In a move that was widely expected, the Federal Reserve maintained its target fed funds rate range of between 1.5% and 1.75% on Wednesday. The Fed also reassured investors the U.S. economy is strong and the labor market remains solid.
“The Committee judges that the current stance of monetary policy is appropriate to support sustained expansion of economic activity, strong labor market conditions, and inflation returning to the Committee's symmetric 2 percent objective,” the Fed said in a statement.
The rate cut comes after the U.S. added 145,000 jobs in December, missing the target of 160,000 jobs economists were expecting. Wage growth was 2.9% in the month, and the U.S. unemployment rate remained unchanged at 3.5%, it’s lowest level in 50 years.
All 10 members voted unanimously to maintain current rates.
The Federal Reserve has been under pressure from President Donald Trump in the past year to cut interest rates, raising concerns about the Fed’s independence.
“The Fed should get smart & lower the Rate to make our interest competitive with other Countries which pay much lower even though we are, by far, the high standard,” Trump tweeted on Tuesday.
During the Fed’s last interest rate meeting in December, the median target rate on the Fed’s dot plot for year-end 2020 dropped from 1.875% to 1.625%. Thirteen officials anticipate interest rates will not change in 2020, while four are predicting one 0.25% rate hike next year, according to the updated dot plot.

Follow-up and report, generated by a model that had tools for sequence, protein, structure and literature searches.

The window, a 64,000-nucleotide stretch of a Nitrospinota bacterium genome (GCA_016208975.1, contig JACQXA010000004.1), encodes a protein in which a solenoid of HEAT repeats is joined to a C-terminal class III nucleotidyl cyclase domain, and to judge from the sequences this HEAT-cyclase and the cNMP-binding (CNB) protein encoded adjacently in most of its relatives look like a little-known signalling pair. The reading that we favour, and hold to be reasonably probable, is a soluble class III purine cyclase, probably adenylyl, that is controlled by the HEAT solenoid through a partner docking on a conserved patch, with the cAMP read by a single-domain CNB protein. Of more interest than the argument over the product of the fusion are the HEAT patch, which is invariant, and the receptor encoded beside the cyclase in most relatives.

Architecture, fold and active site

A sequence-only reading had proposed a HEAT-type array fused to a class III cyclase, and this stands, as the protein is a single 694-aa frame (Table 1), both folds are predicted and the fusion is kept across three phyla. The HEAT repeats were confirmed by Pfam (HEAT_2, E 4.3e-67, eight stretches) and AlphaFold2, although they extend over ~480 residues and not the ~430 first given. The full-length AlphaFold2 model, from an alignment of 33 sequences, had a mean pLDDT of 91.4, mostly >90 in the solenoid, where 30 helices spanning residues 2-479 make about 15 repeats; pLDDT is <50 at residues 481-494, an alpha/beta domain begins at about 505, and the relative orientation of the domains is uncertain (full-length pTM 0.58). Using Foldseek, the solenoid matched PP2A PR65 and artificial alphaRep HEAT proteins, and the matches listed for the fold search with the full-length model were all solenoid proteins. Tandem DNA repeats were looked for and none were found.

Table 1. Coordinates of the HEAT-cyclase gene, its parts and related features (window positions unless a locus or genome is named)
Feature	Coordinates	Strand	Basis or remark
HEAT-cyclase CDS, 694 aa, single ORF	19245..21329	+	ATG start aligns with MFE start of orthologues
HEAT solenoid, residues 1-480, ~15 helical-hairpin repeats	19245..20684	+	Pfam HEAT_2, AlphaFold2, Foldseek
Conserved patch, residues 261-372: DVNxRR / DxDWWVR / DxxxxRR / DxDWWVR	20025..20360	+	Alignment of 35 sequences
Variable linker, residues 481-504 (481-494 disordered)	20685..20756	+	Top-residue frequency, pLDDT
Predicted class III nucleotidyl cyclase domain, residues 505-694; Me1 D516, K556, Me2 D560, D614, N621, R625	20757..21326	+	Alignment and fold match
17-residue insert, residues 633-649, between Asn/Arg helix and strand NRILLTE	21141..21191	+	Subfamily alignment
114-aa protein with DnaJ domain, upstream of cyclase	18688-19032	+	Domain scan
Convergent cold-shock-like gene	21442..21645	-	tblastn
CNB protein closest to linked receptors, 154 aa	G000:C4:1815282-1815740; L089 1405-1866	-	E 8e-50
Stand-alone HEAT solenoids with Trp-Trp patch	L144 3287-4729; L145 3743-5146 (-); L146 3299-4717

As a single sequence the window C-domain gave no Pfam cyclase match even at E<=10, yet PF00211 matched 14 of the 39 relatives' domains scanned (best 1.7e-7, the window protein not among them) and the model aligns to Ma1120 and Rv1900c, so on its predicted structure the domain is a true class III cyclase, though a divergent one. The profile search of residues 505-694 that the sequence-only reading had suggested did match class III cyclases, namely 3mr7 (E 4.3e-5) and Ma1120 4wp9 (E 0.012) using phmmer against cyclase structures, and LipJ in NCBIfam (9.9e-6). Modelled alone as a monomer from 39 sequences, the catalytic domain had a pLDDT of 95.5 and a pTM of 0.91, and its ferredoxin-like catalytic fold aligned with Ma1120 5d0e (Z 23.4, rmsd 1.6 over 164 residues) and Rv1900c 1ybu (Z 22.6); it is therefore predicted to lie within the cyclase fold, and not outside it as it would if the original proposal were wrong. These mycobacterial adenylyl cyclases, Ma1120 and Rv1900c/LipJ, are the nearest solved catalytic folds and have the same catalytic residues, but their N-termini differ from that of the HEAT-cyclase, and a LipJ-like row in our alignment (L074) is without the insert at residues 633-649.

The Fed decision comes after global growth rates have been under pressure in recent quarters.
U.S. GDP growth dropped from 2% in the second quarter to 1.9% in the third quarter and is down from 3.1% in 2018. On Wednesday, the Atlanta Fed cut its fourth-quarter U.S. GDP growth estimate from 1.9% to 1.7%.
Earlier this month, the International Monetary Fund cut its 2019 and 2020 global economic growth forecasts from 3% and 3.4% to 2.9% and 3.3%, respectively. The updated full-year 2019 growth estimate represents the slowest pace of global economic growth since the financial crisis in 2008 and 2009.
Sentiment for the SPDR S&P 500 ETF Trust (NYSE: SPY) has taken a hit in the past week, dropping from 73.8% bullish to to just 59.7% bullish, according to StockTwits message data.
The SPY traded slightly higher by 0.4% after the Fed announcement.
The yield on 10-year U.S. Treasury bonds declined slightly on Wednesday to 1.615%, down 0.026% on the day.